Horseshoe Canyon and the Dinosaur Trail

Horseshoe Canyon

17 km west of Drumheller is Horseshoe Canyon, a spectacular chasm in otherwise flat prairie. Trails lead down from the parking lot (take care, they are steep and slippery) and we set off to see if we could find the end of the canyon. We couldn’t! There were other things we wanted to do that day so eventually we gave up and turned back.

From Horseshoe Canyon, we drove back into Drumheller and crossed the Red Deer River by bridge to follow the 48 km Dinosaur Trail, a loop on both sides of the river. Our first stop was The Little Church which can seat a mere 6 people at a time.

Next, it was on to Horsethief Canyon, once a hiding place for its namesake outlaws, and an opportunity for more hiking.

There is no bridge to cross back over the river – instead the Dinosaur Trail takes you via the Bleriot Ferry, the eponymous Bleriot being André, brother of the more famous Louis who was the first man to fly the English Channel.

Once back on the south side of the river, there was just one last stop at the beautiful Orkney Viewpoint. I’d love to know how it got its name.

Then we headed back to Drumheller for our last night. Despite our misgivings when we arrived, largely because of the terrible hotel, we had a great time and could have spent longer exploring. However, we still had one more Badlands adventure to come, so the next day we were back on the road again.


  1. Jude of Heyjude just pointed out to me that you’re featuring some of the same places I’ve been highlighting. This summer I finally visited the American Badlands in South Dakota, which I’d always known about, and then became aware of the Badlands in Alberta, which I’d somehow never heard of but which gave us another incentive to visit the place along with the Canadian Rockies. I’ve slowly been showing pictures of both:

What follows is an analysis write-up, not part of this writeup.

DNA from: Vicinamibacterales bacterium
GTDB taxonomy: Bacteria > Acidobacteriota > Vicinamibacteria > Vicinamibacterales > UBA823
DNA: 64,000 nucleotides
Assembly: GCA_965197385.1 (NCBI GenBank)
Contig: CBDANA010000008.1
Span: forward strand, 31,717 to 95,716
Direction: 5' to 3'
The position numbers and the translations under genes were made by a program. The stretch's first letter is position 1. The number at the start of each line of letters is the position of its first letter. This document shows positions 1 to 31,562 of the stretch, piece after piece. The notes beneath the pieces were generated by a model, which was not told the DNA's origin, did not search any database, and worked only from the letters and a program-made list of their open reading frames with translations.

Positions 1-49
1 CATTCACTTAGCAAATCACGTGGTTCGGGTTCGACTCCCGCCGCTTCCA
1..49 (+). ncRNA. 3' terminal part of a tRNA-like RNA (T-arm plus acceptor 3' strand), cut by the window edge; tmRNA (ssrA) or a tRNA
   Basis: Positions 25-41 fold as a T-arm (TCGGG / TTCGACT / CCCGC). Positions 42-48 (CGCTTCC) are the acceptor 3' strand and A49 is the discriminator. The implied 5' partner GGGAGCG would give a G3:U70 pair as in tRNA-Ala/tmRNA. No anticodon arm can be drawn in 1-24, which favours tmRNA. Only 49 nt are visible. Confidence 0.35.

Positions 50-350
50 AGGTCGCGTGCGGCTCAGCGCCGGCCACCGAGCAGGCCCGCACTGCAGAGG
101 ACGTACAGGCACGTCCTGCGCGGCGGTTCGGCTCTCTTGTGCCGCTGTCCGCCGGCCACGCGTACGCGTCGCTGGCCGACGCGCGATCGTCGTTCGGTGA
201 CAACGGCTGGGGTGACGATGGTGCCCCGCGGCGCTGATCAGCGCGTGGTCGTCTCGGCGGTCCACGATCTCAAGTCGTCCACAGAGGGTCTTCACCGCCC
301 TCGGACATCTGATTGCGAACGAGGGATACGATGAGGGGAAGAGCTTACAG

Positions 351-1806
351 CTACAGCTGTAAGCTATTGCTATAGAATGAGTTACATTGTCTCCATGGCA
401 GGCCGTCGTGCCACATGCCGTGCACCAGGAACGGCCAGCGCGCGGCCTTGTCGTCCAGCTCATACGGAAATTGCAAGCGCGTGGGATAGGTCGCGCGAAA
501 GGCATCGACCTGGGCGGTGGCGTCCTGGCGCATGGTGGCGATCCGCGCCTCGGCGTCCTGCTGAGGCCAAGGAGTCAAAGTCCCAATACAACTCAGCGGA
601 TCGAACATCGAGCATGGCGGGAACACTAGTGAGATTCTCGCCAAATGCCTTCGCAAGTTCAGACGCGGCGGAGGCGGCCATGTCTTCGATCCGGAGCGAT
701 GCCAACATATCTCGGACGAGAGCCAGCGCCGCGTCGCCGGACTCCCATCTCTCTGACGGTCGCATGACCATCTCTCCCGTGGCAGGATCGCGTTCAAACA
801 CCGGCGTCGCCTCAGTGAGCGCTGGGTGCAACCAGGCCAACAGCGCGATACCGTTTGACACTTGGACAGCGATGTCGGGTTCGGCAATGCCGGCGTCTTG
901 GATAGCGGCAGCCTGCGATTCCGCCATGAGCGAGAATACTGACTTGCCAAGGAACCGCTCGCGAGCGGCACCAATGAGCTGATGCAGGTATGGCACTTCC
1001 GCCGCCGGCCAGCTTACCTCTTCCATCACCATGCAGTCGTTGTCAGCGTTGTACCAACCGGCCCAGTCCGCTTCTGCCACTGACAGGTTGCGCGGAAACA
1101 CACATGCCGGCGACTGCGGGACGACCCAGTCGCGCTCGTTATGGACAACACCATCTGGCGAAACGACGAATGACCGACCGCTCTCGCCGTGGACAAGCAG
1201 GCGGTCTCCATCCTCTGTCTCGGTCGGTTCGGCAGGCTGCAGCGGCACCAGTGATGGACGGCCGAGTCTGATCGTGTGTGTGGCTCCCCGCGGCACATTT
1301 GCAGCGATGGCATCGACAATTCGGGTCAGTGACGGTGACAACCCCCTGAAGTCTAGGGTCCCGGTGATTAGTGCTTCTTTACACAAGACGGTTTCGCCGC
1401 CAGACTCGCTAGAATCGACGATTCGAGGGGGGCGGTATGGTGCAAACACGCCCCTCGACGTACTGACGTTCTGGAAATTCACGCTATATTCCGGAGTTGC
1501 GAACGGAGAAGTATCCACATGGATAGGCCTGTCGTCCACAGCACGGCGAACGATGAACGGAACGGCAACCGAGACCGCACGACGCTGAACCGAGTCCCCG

• Thanks for the link! I’ve scrolled down and seen so many places that we’ve been, either this recent trip or previously. Amazingly, I seem to have liked a couple at the beginning so maybe Jude tipped me off then, in which case I’m sorry I didn’t follow up further. Later in the day I shall give each post the attention it deserves!


  2. Wow! Never saw any of this on our trip . . . we missed out on so much. This is just fabulous. So glad John took a picture of you inside the church as couldn’t quite work out why it only fitted six from the first few photos!


  3. it seems like we can spend more time everywhere. But, there are so many places to explore that we all have to make choices, unfortunately. It is sometimes a toss-up, knowing that “you are here now and don’t know when and if you’ll ever be back, so let’s do it in depth”, but there are so many other sites in the area as well.

    Some of these names sound familiar, as we recently came across a Horse Shoe canyon and a Horsethief trail… in the US. I wonder whether they are Native American names.


  4. Anabel, it would seem I am not the only person who loved that church, what a find 🙂 Plus, what a diverse countryside!